1. We have no doubt that the statement A was really taken under the provisions of Section 164 of the Code of Criminal Procedure and the only question is whether the Magistrate acting under that Section had power to administer an oath.
2. The Additional Sessions Judge has distinguished this case from that of Empress v. Malka I.L.R. 2 Bom. 643 on the ground that, under Act X of 1872, the Magistrate was empowered by law (Section 331) to administer an oath. That Section was not re-enacted in the present Code, since under the Indian Oaths Act X of 1873, all Courts are authorized to administer oaths (Section 4), while Section 14 of the same Act imposes the obligation to state the truth. The term 'Court' includes all Magistrates (Section 3 of the Indian Evidence Act).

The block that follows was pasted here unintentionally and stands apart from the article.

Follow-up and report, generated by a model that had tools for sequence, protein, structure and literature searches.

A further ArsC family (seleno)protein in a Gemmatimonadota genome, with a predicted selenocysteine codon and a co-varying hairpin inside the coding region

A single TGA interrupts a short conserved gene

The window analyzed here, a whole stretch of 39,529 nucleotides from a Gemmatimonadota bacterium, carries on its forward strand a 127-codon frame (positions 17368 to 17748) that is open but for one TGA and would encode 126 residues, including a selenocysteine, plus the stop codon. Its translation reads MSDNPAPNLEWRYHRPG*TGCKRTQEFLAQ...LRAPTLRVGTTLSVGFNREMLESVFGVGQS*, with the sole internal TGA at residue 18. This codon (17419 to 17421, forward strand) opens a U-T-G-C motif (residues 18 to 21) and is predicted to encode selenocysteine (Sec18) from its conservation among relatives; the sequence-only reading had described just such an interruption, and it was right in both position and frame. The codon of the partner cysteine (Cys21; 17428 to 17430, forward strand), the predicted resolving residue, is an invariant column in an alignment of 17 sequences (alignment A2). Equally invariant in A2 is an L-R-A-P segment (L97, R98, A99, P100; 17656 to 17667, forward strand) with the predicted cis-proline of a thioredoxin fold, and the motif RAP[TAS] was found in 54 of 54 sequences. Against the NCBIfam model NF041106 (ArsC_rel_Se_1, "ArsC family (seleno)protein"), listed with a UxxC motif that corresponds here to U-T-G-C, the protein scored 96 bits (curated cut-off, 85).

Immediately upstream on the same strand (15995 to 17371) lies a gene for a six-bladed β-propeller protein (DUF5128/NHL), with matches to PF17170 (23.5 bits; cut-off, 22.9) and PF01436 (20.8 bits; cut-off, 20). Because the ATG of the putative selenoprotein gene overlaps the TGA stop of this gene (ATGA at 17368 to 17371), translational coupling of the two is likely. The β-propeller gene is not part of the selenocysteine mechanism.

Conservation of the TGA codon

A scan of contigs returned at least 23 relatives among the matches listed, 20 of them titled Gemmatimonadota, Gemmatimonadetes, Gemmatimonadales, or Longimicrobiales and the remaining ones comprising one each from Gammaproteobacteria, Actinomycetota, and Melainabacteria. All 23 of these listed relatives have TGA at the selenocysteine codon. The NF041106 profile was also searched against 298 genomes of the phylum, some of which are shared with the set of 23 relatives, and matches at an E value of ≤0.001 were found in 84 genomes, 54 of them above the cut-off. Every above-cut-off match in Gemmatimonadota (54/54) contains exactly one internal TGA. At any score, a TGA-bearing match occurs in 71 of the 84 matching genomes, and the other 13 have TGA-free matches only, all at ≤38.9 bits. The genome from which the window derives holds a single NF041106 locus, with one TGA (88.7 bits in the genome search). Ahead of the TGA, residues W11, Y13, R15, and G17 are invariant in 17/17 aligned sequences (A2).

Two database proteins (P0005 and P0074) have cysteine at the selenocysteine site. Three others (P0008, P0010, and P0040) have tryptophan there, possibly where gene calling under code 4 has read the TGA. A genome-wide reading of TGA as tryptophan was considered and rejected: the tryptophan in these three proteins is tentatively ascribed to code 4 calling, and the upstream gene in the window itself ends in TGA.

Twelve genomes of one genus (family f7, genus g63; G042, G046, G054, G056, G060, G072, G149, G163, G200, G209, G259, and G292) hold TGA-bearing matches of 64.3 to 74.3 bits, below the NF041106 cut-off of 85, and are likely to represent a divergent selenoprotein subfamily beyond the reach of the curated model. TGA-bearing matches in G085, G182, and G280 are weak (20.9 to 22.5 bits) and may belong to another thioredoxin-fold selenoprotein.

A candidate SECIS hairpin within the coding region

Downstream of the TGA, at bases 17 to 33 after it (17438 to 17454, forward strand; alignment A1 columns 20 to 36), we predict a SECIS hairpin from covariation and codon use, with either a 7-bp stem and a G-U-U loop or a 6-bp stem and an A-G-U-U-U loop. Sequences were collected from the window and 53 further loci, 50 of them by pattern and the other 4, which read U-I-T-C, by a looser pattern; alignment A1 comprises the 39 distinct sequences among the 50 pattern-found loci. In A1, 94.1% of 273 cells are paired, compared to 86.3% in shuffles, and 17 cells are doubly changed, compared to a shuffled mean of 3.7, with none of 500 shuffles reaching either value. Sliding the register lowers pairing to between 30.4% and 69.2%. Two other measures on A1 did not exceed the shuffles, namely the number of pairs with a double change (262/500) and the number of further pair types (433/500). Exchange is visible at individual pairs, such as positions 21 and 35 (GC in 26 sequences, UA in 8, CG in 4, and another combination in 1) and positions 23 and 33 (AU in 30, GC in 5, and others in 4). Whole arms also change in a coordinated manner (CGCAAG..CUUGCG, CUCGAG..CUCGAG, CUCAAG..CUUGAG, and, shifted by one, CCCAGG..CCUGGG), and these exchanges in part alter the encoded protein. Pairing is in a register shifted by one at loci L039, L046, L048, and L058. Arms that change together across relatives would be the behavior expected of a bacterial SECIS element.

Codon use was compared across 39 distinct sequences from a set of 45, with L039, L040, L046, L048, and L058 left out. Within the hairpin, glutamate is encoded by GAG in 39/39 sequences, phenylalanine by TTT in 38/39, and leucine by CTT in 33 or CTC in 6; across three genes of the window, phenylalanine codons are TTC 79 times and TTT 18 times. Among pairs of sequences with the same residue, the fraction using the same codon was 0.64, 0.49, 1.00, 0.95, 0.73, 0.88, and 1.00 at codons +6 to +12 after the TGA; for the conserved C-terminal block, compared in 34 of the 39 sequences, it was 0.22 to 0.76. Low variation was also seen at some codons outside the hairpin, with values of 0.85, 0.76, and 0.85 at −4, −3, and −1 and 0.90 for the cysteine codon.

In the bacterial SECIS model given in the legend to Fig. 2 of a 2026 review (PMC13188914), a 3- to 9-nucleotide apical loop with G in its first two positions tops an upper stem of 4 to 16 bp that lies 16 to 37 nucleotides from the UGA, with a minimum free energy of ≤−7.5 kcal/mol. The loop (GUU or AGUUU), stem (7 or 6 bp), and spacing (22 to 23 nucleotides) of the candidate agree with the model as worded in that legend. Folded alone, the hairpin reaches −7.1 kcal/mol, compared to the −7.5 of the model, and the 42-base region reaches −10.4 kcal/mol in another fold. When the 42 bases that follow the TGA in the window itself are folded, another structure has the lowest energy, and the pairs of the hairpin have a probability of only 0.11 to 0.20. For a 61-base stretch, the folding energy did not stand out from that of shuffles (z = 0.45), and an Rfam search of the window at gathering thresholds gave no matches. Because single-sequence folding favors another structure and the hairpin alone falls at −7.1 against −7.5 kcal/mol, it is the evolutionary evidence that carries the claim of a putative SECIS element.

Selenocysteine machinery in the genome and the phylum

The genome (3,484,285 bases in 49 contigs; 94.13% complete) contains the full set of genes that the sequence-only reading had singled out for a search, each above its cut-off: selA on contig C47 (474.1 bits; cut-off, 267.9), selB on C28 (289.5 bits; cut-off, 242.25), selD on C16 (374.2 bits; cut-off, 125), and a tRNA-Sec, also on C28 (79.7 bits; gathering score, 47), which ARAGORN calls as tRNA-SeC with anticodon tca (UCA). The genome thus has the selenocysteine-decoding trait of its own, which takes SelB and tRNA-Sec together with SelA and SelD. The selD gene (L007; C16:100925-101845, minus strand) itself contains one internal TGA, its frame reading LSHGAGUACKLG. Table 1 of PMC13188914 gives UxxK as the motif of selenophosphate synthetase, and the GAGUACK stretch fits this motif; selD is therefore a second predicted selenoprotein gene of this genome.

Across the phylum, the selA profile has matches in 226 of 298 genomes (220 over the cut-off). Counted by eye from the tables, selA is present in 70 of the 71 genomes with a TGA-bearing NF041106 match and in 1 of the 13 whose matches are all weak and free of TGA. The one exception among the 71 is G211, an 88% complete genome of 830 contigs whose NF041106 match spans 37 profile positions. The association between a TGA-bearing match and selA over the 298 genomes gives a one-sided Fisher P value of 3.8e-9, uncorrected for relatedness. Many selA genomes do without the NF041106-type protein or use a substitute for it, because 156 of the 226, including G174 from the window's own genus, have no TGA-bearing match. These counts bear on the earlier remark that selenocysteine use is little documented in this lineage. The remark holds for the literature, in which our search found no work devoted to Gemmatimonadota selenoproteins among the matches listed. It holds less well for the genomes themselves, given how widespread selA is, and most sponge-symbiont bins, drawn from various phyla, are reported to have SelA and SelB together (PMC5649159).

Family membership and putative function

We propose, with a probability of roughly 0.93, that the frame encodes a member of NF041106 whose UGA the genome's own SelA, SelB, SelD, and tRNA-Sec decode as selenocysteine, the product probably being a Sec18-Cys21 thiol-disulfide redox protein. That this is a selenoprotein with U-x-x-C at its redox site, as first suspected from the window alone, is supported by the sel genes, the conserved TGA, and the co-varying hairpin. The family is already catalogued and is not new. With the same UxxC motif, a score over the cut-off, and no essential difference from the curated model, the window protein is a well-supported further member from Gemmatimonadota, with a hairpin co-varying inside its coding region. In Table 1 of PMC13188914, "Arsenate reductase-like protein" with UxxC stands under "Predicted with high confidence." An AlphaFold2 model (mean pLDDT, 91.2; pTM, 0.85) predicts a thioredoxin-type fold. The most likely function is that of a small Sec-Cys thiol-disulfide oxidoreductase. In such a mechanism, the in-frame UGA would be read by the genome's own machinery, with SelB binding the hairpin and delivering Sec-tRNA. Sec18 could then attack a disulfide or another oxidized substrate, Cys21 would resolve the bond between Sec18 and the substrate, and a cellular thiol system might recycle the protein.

3. The direction in Section 164 that the statement shall be recorded in one of the manners prescribed for recording evidence is merely a direction as to procedure. The statement itself was one which the law (Section 164, Criminal Procedure Code), permitted to be made before the Court by a witness, and is therefore evidence within the definition of Section 3 of the Indian Evidence Act. The person making it was a witness within the meaning of Section 5 of the Oaths Act, and therefore one to whom an oath or affirmation might be administered.
4. The case referred to, Queen-Empress v. Bharma I.L.R. 11 Bom. 702 does not apply, as the ground of decision there was that the Third-class Magistrate, who took the statement, had not authority to carry on the preliminary inquiry. Here the statement was taken by the Committing Magistrate in a stage of an inquiry which he was authorized to conduct under the Code of Criminal Procedure.
5. We must reverse the acquittal and direct that the case be re-tried.